The typical cigarette break lasts about ten minutes, and when taken several times, it adds up, giving smokers more time away from their desk and less time working while at work.
Some may argue that paying smokers and nonsmokers the same wage is unreasonable since they do not spend the same amount of time doing actual work. In 2017, a Japanese corporation agreed to introduce a new policy that requires nonsmokers to take an additional six days of sick time to compensate for the time lost by smokers.
Employees at the Tokyo-based marketing company Piala Inc. complained that they were working longer hours than anyone who took time off to smoke a cigarette.
“Earlier this year, one of our non-smoking employees placed a note in the company suggestion box saying that smoking breaks were causing problems,” Hirotaka Matsushima, a company spokesperson, told the newspaper. “Our CEO saw the remark and agreed, so we’re compensating nonsmokers with some extra time off.”
According to Matsushima, the frequent cigarette breaks meant that many workers were away from their desks for up to 15 minutes each day.
The company’s policy adjustment is meant to help employees in the process to stop smoking.
Instead of using penalties or threats to force the employees to quite smoking, they’re using incentives to inspire them to stop smoking.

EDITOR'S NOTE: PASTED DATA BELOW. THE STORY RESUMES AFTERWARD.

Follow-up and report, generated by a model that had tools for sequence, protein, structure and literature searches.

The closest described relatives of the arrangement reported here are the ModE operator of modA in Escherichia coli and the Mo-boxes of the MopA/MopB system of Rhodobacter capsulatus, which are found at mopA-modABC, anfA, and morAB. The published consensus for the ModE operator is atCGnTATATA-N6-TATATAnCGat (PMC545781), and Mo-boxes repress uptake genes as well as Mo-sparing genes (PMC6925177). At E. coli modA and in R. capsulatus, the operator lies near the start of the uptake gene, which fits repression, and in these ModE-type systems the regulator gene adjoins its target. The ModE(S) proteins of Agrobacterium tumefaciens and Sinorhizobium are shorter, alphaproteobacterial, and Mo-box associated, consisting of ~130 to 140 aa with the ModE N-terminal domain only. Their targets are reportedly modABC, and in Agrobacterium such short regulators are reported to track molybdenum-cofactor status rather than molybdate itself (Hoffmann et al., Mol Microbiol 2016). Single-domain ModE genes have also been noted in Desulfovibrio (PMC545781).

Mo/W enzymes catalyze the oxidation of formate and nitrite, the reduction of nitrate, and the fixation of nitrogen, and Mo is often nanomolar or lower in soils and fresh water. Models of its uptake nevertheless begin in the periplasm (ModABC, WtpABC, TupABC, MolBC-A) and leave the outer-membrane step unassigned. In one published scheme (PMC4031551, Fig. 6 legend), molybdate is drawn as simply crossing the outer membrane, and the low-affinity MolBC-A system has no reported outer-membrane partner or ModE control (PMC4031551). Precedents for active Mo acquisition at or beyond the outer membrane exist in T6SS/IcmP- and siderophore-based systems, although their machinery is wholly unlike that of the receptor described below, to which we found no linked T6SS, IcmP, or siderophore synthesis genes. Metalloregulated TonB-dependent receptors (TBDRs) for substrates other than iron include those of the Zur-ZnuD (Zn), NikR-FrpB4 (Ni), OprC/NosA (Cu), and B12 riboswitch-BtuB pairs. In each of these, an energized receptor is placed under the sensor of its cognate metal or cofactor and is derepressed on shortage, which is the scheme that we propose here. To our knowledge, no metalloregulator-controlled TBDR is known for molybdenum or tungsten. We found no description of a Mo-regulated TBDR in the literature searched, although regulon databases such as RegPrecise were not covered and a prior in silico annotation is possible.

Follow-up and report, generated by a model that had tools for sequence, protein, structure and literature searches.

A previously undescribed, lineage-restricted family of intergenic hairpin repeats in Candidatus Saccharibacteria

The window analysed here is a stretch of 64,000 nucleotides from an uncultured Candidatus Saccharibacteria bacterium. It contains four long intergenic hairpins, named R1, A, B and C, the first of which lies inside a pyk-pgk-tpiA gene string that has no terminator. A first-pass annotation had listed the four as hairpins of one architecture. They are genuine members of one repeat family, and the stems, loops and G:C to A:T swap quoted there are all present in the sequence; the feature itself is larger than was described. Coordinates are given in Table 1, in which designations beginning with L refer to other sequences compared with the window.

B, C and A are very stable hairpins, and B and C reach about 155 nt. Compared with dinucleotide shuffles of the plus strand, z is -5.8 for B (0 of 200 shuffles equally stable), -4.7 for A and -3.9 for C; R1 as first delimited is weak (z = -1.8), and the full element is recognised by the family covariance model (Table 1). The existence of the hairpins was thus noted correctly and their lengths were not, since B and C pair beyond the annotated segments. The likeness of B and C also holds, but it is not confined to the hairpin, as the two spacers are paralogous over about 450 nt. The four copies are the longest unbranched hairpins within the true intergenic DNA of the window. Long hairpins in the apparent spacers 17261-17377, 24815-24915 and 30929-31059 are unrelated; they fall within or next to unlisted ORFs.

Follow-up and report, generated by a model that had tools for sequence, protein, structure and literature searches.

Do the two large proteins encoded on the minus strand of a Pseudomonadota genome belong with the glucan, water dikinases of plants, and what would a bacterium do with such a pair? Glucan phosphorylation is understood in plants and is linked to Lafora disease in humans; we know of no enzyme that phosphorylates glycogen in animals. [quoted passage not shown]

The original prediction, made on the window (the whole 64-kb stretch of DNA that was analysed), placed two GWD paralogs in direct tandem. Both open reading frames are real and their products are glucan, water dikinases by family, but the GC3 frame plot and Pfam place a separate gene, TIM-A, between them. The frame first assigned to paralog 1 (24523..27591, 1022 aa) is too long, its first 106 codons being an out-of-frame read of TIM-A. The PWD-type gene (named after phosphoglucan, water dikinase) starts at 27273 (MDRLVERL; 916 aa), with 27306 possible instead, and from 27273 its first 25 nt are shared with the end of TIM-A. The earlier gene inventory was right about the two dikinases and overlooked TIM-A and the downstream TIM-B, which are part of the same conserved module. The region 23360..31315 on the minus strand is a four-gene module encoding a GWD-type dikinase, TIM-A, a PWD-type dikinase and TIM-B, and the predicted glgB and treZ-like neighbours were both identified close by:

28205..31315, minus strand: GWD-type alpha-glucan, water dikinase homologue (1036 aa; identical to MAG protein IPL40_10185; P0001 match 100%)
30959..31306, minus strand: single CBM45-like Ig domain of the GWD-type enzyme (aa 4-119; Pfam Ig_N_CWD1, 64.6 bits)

According to a recent poll, 42% of nonsmokers claim that an additional 3-5 days of sick time is a reasonable trade-off to compensate for smokers, while only 28% of smokers agree.
To better understand this problem, e-cigarette manufacturer Halo polled over 1000 people and discovered that nonsmokers thought 1-2 days was reasonable, but 14% said 6 or more days was preferable. However, more than 38% of smokers believe nonsmokers do not deserve additional time off, and 20% of nonsmokers agree.
According to the study, 81 percent of smokers and 25 percent of nonsmokers thought their smoke breaks were fair.
According to a survey conducted by Halo, smokers spend an average of six days a year taking smoke breaks. Following a nonsmoker’s concern about efficiency, a Japanese marketing firm released a statement announcing the implementation of a new policy giving nonsmokers six additional days off every year.